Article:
Deflection of Beams

# Deflection of Beams | Strength of Materials (SOM) - Mechanical Engineering PDF Download

The deformation of a beam is usually expressed in terms of its deflection from its original unloaded position. The deflection is measured from the original neutral surface of the beam to the neutral surface of the deformed beam. The configuration assumed by the deformed neutral surface is known as the elastic curve of the beam.
Slope of a Beam: Slope of a beam is the angle between deflected beam to the actual beam at the same point.
Deflection of Beam: Deflection is defined as the vertical displacement of a point on a loaded beam. There are many methods to find out the slope and deflection at a section in a loaded beam.

• The maximum deflection occurs where the slope is zero. The position of the maximum deflection is found out by equating the slope equation zero. Then the value of x is substituted in the deflection equation to calculate the maximum deflection

Differential Equation of the Deflection Curve of Beam

### Methods of Determining Beam Deflections

Numerous methods are available for the determination of beam deflections. These methods include:

1. Double Integration Method
• This is most suitable when concentrated or udl over entire length is acting on the beam. A double integration method is a powerful tool in solving deflection and slope of a beam at any point because we will be able to get the equation of the elastic curve.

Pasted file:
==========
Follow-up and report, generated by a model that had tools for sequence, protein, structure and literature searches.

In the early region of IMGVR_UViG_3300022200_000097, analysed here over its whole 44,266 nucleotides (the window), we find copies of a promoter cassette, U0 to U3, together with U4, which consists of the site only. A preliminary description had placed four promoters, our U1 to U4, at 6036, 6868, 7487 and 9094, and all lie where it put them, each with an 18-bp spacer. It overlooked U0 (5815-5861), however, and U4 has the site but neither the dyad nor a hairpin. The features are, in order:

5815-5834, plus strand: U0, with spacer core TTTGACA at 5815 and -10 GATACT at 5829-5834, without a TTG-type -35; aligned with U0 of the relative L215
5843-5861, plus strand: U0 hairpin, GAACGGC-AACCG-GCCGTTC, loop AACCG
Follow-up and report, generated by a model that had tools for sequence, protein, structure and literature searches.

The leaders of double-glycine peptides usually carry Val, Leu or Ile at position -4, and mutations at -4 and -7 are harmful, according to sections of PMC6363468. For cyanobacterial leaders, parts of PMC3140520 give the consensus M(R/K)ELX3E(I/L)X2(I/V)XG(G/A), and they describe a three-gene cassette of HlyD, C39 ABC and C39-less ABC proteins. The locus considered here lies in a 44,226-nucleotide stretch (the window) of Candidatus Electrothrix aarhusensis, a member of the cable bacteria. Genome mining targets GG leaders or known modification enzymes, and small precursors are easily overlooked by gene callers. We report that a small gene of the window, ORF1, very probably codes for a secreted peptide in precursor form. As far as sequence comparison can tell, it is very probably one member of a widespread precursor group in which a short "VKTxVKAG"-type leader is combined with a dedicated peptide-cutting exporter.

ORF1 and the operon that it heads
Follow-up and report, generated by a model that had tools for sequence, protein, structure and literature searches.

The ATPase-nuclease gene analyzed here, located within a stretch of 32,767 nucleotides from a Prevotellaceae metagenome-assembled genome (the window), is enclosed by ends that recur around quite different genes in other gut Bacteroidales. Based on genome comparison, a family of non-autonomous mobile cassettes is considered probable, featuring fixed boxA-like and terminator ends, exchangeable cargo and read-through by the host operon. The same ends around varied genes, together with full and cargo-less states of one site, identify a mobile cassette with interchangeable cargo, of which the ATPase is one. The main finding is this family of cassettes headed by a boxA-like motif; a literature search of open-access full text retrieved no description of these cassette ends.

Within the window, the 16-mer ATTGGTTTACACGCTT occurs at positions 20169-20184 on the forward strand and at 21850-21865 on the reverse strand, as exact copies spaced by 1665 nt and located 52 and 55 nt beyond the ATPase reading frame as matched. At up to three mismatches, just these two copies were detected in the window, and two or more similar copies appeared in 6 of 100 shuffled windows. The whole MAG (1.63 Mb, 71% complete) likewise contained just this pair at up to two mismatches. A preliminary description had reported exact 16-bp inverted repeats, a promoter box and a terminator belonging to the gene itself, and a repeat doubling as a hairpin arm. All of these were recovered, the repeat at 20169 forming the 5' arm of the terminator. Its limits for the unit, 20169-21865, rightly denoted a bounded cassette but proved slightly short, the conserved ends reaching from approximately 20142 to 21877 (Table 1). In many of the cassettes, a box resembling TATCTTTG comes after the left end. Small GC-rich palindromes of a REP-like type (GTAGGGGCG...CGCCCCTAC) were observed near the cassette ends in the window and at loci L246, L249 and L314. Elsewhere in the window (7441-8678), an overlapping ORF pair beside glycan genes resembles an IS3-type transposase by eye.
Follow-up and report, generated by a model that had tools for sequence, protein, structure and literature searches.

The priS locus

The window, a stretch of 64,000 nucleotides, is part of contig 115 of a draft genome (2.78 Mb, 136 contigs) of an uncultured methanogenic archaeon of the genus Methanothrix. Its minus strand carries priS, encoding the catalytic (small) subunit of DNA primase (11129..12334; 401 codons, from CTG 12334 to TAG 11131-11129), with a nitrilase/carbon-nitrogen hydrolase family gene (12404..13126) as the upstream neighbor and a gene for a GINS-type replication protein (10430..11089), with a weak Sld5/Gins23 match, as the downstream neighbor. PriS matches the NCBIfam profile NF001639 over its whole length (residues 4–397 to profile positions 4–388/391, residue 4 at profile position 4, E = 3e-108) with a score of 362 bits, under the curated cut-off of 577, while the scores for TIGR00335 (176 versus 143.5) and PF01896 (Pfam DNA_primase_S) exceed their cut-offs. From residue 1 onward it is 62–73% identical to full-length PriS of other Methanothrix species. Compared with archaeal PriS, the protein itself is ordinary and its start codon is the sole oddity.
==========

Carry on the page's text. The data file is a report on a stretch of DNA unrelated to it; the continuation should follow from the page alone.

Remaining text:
• A double integration method is a powerful tool in solving deflection and slope of a beam at any point because we will be able to get the equation of the elastic curve.
• In calculus, the radius of curvature of a curve y = f(x) is given by:

• In the derivation of flexure formula, the radius of curvature of a beam is
ρ = EI / M

• Deflection of beams is so small, such that the slope of the elastic curve dy/dx is very small, and squaring this expression the value becomes practically negligible, hence:

• If EI is constant, the equation may be written as:
EIy′′ = M
where x and y are the coordinates shown in the figure of the elastic curve of the beam under load.

• y is the deflection of the beam at any distance x.

• E is the modulus of elasticity of the beam,

• I represent the moment of inertia about the neutral axis, and

• M represents the bending moment at a distance x from the end of the beam.

The product EI is called the flexural rigidity of the beam.

Integrating one time:

The first integration y'(dy/dx) yields the Slope of the Elastic Curve.